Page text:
April 26, 2022
It only took me 15 years, but I’ve finally started to properly manage, organize, and zero out my Gmail inbox. This wasn’t for lack of trying. Every 2 or 3 years I try to set up a few filters and categorize the mountain of emails that come my way, but after sitting down with the problem and stumbling upon a system that works for me, I’ve been meaning to write about it here and share...
Why build a music studio PC in 2021?
April 12, 2021
The last time I got my hands dirty with building a custom PC was about 10 years ago, cobbling together a small home theater computer that also doubled as a large RAID array for storing a burgeoning media collection. I had built a few desktop machines before then in the late 90s/early 2000s, a time when PC gaming and PC building was a much less of a cool pursuit, but since then I’ve reliably stuck...
Getting Started with Samples Packs
January 29, 2021
Ever wondered what the secret is to creating an inspiring piece of electronic music? Different musicians who admire different artistic inspirations will inevitably give you different answers here, but if you ask me, it all starts with a good set of samples.
Peanut Butter Wolf 24-hour Valentine's Day mix
February 14, 2020
A diggers paradise, I remember watching this event live streamed via Stones Throw as PB Wolf spun record after record from his cozy basement vinyl cave. I didn’t quite make it the entire 24 hours, more important things were in the works that Valentine’s Day, but every so often I remember this massive masterwork exists and I highly encourage you to listen in and share it with someone special (no matter what day it might...
Bye Bye Picasa API
April 05, 2019
It’s always a nice feeling to realize, after a long bout of confusion and pounding my head against the desk, that I was never actually going crazy in the first place. Putting together this Jekyll site has been a fun and challenging exploration of the unfamiliar and I enjoy the process of cobbling together new features while figuring out what’s possible as I go. Most of the time this means breaking things completely before getting...
5 Jekyll lessons I've learned so far
July 25, 2018
About three weeks ago, I had a breakthrough. Ever since my old Wordpress website kicked the bitbucket I’ve been exploring more minimal, lightweight options to transition my personal website to. Jekyll was of course the winner of that competition, but even as I’ve started to enjoy the robustness of engine and simplicity of working with a static site generator there have been multiple hurdles to clear in order to get things working the way I’ve...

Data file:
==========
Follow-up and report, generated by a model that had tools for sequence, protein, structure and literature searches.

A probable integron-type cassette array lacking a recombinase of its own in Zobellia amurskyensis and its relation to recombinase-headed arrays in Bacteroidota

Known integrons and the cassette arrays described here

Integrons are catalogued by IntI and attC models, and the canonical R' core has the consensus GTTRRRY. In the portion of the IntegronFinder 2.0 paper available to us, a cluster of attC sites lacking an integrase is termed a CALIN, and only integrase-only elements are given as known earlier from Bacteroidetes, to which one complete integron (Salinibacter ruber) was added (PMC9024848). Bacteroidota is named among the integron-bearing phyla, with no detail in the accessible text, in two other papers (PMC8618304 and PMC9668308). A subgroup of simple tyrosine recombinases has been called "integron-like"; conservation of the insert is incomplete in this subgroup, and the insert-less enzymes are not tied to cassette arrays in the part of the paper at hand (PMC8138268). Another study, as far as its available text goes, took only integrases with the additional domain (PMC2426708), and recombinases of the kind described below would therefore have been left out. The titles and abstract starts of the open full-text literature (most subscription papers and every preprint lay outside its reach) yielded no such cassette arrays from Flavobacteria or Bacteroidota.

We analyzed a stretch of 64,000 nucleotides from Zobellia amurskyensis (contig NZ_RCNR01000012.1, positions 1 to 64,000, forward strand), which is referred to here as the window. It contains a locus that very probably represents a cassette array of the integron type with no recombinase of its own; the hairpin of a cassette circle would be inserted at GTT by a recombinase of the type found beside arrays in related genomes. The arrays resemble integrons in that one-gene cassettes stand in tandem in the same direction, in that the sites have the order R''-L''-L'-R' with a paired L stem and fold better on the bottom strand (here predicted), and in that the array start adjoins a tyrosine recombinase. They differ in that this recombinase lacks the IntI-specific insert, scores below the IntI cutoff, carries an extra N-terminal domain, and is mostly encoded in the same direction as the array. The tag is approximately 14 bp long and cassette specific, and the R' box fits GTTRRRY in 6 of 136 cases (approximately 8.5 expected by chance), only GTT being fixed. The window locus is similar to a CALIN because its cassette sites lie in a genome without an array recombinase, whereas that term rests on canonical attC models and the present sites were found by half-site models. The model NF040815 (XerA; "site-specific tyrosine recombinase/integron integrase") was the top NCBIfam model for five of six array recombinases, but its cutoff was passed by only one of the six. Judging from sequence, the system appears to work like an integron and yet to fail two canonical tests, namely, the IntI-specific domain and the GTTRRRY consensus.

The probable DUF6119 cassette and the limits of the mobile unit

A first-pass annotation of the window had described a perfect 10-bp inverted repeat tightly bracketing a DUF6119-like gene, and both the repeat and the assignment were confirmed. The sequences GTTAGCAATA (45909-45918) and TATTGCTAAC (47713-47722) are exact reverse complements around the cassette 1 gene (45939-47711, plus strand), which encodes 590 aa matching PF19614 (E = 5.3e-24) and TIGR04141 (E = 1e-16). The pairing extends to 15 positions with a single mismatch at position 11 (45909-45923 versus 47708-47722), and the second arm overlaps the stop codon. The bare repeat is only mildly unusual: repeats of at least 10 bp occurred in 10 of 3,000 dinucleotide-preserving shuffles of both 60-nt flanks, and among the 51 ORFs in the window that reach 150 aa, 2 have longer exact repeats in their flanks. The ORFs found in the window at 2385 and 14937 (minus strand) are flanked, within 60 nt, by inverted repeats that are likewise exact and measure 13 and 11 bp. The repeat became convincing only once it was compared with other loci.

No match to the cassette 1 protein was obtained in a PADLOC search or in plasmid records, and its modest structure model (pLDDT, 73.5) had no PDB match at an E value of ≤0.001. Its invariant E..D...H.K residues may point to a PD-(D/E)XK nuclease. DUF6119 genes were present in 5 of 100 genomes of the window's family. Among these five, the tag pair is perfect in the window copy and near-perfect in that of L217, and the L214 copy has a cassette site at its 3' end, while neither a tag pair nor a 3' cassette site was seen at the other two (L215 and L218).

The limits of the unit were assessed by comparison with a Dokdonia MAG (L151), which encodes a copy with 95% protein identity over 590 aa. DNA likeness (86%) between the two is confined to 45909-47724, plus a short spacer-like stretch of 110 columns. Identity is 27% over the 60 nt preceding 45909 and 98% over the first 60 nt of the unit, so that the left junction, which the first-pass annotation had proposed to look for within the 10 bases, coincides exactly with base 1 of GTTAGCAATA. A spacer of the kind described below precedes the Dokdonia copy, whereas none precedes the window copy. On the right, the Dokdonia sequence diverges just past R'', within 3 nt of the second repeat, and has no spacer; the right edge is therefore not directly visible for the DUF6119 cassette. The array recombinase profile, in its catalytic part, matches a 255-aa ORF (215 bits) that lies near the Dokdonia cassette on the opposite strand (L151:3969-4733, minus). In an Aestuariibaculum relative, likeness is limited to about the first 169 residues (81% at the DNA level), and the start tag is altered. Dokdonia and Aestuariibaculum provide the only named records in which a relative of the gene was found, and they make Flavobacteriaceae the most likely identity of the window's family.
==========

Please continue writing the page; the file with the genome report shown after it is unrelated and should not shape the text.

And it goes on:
Happy GDPR Day!
May 25, 2018
Pop those bottles and drop those balloons from the ceiling, it’s May 25th, aka, GDPR Day! Today the General Data Protection Regulation goes into full effect in Europe. For us Americans it doesn’t mean too much, unless you happen to work somewhere that does business with European clients or otherwise manages data records of EU citizens (in which case GDPR has been a pain to implement on your systems), but as controversial as the GDPR...
Things I wish I had known before I got into synthesizers
January 26, 2018
They say that the longest journey begins with the first step. I took my first step into the world of electronic music production way back in college, getting to understand this obscure new software a friend turned me on to called Ableton Live, but it wasn’t until 2010 that I made my way into the wider world of audio hardware, MIDI controllers, and analog synthesizers, permanently cementing my interest in making music as well as...
Installing Arch Linux on a Thinkpad X1 Yoga for fun and profit
December 14, 2017
I’ve been a big fan and supporter of Ubuntu Linux for well over a decade, since at least 6.06 (Dapper Drake). They’ve done more than any other distro to help propel Linux forward as a tangible option for a desktop operating system among average computer users, and that’s a great thing. A rising tide lifts all ships.
Bookmark No More
November 29, 2017
Ever since the introduction of social media, bookmarking stuff on the internet has seemingly become irrelevant. Of course the physical act of bookmarking websites hasn’t gone away, you probably have the equivalent of an Amazon warehouse of orphan webpages sitting in a dusty folder in your web browser somewhere. We find cool things on the web and we want to come back to them someday, so we add a bookmark to that page and then...